Castell Project is a nonprofit with the mission to help women rise as leaders in the hospitality industry. In recent years, there has been a growing interest in its Castell@College program. As this program has grown in numbers of panelists and cooperating schools, the organization’s structure has also become more challenging. Deborah Cox, vice president of Castell, told us their story and how software has a role in their continued success.
So from what I understand, Castell Project is a group of hospitality professionals who strive to make the industry more equitable in terms of the percentage of women leaders in upper-levels of the industry. Could you tell us more about the establishment of your organization?
Castell was formed about 6 years ago. While preparing for Hunter Investment Conference (a major event in the hospitality industry) the women in the room started discussing the lack of women on the podium, primarly as a result of how few women held leadership positions in the industry in general. Not willing to sit by and let this continue, this group of women, led by Peggy Berg, established Castell Project to identify the friction that was keeping women from career advancement and then to develop programs to prepare women for the highest levels of leadership.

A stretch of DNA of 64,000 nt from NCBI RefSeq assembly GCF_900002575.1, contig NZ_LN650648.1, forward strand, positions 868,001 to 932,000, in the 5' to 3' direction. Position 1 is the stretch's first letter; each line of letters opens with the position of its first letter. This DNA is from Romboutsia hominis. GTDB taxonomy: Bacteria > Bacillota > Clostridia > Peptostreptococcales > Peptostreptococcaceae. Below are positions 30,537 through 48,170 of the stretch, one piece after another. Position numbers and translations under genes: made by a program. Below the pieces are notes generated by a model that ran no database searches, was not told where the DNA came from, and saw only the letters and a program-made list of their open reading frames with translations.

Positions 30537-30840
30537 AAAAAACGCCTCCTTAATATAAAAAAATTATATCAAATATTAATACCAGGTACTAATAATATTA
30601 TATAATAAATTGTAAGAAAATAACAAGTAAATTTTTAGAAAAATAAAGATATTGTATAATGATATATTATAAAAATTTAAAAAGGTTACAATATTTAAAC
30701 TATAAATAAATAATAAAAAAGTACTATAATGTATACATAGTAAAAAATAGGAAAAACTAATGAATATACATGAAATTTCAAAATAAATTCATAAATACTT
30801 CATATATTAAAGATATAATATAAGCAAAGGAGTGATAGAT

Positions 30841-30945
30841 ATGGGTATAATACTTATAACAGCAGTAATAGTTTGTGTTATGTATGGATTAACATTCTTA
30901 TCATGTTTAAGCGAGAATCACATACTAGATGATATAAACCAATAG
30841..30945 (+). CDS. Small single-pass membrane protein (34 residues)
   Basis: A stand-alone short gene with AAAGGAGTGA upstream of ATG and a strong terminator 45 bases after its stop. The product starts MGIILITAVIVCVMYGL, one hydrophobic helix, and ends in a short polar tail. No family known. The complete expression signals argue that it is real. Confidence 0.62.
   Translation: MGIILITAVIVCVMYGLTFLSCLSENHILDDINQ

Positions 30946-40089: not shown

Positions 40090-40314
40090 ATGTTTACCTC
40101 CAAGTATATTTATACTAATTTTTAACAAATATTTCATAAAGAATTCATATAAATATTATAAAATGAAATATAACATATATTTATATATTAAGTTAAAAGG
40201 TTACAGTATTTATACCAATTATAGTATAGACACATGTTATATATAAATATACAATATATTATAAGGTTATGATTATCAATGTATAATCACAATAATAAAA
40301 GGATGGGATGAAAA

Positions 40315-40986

To understand the level of participation of women at the different levels and roles in the industry, Castell initiated research in 2017 that produces an annual report, Women in Hospitality Leadership. Fast forwarding to the Black Lives Matter movement, we also started the Black Representation in Hospitality Leadership Report, and a report on diversity on public company boards.
Have there been any major takeaways from these reports?
The research prompted a closer look at where the friction is happening, because we know that plenty of women go into the industry – 67% of women, roughly, are in the lower levels. As you move up, though, there is a lot of fallout.
Digging into this helped identify five areas in which women learn and operate differently than men: executive presence, negotiations, advocacy, career development, and networking. Specific training around these five areas benefits women as they work to advance their careers and is the basis for the leadership training we offer.
Can you tell me more about the evolution of the Castell@College initiative? How is it doing now?
In addition to leadership concerns, Castell recognizes a need to inspire more students to consider the industry for long-term careers. Often, students are not aware of the many career paths the industry offers, or they worry that the demands of the industry will keep them from having a full-filling personal/family life.
Initially, we took four executive women into hospitality schools to inform students through stories of their personal career experiences. We had about 15 schools lined up for the Spring of 2020. Then the pandemic hit and one of the schools said, ‘can you do a virtual program?’ So, we did and now we meet with some 2000 student in about 60 schools virtually every academic year. This has given us the opportunity to not only influence the next generation of talent, but also to form a community of women leaders amongst the panelists.